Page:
When Mark Berry began losing his eyesight in 2005 at the age of 48, coffee was the last thing on his mind. He had retinoblastoma, a degenerative form of eye cancer that left him with a bleak prognosis. As his vision deteriorated over the following year, a new vision emerged. A park ranger friend of Mark's introduced him to the world of quality coffee, and thus began a new chapter in his life.
Today, Mark Berry is retired from the successful company he started 11 years ago—Blind Dog Coffee. Ian and Yuliya Berry, Mark’s son and daughter-in-law, now run the company’s factory in Gardnerville, Nevada. Blind Dog offers a full complement of gourmet roasts and blends – a product line aimed to carve out their share of a market dominated by java juggernauts like Starbucks and Peet’s. Packaged in its distinct lime green bag, Blind Dog Coffee is on the shelves of nearly every major grocer in Northern Nevada: Raley’s, Scholari’s, Smith’s, Safeway, four Walmarts, three Costco’s, Whole Foods, Natural Grocers, and Holiday Markets.
“My dad laid the foundation for an amazing business,” said Ian, the co-owner and Master Roaster of Blind Dog Coffee. Ian doesn’t care for titles, though. He is involved in nearly all facets of his company’s operation, from day-to-day roasting to the lab science work of perfecting the blends.
Since 2007, the company has seen a steady rise in production.
“We started with a 15 pound roaster, then went to 25 pounds,” Ian said. “Now we’re using a 75 pound roaster.”
And just as the size of the roaster has increased, so too has Blind Dog’s office space. Starting as a small operation in the Palomino Valley area of Reno, they have incrementally expanded, moving to a larger office in Gardnerville, and then buying more and more space in the same building to accommodate their production needs. Blind Dog’s primary sales method is through supermarkets, but the path to get your product in stores is anything but easy.
“It could take six months to four years to get in a store,” he said. “It took four years to sell in Wal-Mart.”
The long wait has to do with the standards that each grocer has in place before allowing a product in their aisles. Blind Dog meets strict production protocol to ensure that the coffee is available to a growing network of consumers wherever they shop.
The Blind Dog Philosophy
Ian spoke of Blind Dog’s three core values: consistency, high quality, and fair price. While it is difficult to achieve all three at the same time, Blind Dog has found a premium blend. They also distinguish themselves from other coffee companies through their community involvement. Blind Dog partnered with Northern Nevada Children’s Cancer Foundation (NNCCF) to supply the organization, and the families they help, with coffee. They also donate the proceeds of sales at NNCCF events to help children in need.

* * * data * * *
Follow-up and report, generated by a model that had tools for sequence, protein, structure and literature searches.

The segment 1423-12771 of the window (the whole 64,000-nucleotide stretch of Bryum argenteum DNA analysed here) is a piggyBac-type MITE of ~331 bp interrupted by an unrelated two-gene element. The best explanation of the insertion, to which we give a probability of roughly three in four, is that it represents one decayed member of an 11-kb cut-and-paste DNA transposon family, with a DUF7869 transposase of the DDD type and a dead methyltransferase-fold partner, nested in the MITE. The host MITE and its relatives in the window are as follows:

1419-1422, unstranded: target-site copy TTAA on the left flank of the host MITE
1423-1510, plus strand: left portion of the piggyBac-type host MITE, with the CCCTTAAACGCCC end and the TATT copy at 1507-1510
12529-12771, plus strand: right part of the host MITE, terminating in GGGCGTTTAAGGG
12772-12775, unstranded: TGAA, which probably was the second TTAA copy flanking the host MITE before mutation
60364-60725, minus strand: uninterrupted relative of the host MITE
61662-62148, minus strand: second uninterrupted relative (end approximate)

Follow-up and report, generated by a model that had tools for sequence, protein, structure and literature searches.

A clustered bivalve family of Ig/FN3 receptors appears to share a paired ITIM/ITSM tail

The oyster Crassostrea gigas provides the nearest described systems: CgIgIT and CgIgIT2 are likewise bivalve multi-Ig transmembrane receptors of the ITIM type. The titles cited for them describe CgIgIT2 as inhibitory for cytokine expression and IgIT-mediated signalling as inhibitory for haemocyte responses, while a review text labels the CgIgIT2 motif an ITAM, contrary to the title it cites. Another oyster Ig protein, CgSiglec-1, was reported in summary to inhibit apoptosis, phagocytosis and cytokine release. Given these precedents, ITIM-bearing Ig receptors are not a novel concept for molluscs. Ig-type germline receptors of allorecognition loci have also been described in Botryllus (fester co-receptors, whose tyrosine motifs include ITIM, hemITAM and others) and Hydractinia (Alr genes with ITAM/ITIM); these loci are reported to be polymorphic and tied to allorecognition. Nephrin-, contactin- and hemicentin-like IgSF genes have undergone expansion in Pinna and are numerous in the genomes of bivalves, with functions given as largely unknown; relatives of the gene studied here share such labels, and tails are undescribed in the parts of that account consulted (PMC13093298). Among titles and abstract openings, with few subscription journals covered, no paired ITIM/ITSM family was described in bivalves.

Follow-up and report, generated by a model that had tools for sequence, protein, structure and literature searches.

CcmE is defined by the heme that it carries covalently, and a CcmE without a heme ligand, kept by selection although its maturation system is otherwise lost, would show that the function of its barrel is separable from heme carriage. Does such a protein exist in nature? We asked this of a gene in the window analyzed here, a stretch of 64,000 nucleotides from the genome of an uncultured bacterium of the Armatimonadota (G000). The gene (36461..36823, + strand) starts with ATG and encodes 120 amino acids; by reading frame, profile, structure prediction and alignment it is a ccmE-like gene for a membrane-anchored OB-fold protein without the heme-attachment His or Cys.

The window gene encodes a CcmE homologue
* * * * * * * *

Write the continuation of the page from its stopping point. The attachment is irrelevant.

A Little History
Coffee, of all things, is now distinguished between so-called first, second and third “waves.” Third wave coffees are the local “artisan” roasts you’ll see hipsters drinking while they sit on a patio with their labradoodle named “Peter Frampton.” This cup of caffeine comes complete with foam art and a $5 price tag. Its predecessor, “second wave coffee,” is the generation of joe ushered in by the Starbucks and Peet’s of the world. This wave turned coffee into a social event. First wave coffee is the stuff our parents or grandparents drank. Folgers and Maxwell House, before the cans were repurposed for storing loose change when dad or mom said a curse word. These are not discrete categories, however, as the Blind Dog brew, which belongs to the second wave, is just as artisanal as what you’ll find in the gourmet coffeeshops.
Behind the Beans
Ian generously treated me to a tour of his factory, showing me where the beans are stored, roasted, and cooled. Blind Dog’s beans are sourced from Central and South America, Indonesia and Ethiopia. Beans vary significantly based on where they are cultivated and what other plants grow in the region, but a major variable in coffee taste comes from the way it is prepared.
The tour concluded with a stop at the Blind Dog tasting room, a veritable science lab where Ian doubled as chemist. He brewed me a cup of Blind Dog coffee using his Chemex Coffeemaker, a pour-over style popular among coffee purists. It was almost hypnotic watching Ian put such care into a cup of coffee. Hot water swirled through the grinds in carefully measured intervals, allowing the coffee to bubble and brew for just the right amount of time. The end product was a delight.
I am not a coffee aficionado. As a decaf drinker, I could never rightfully claim to be. But on occasion I do appreciate an unadulterated cup of true black coffee, and Blind Dog is my new favorite.
The sky is the limit for the Gardnerville roastery. They plan to launch a new website in the near future and have not ruled out the idea of a storefront where their products can be showcased and enjoyed in a communal setting. “Coffee to me is a community thing,” Ian said.
Mark Berry now spends his days of retirement woodworking. An expertly crafted, varnished table adorns the Blind Dog tasting room. After a sip of the coffee and a sight of the table, I was convinced that the whole Berry family has something of a magic touch.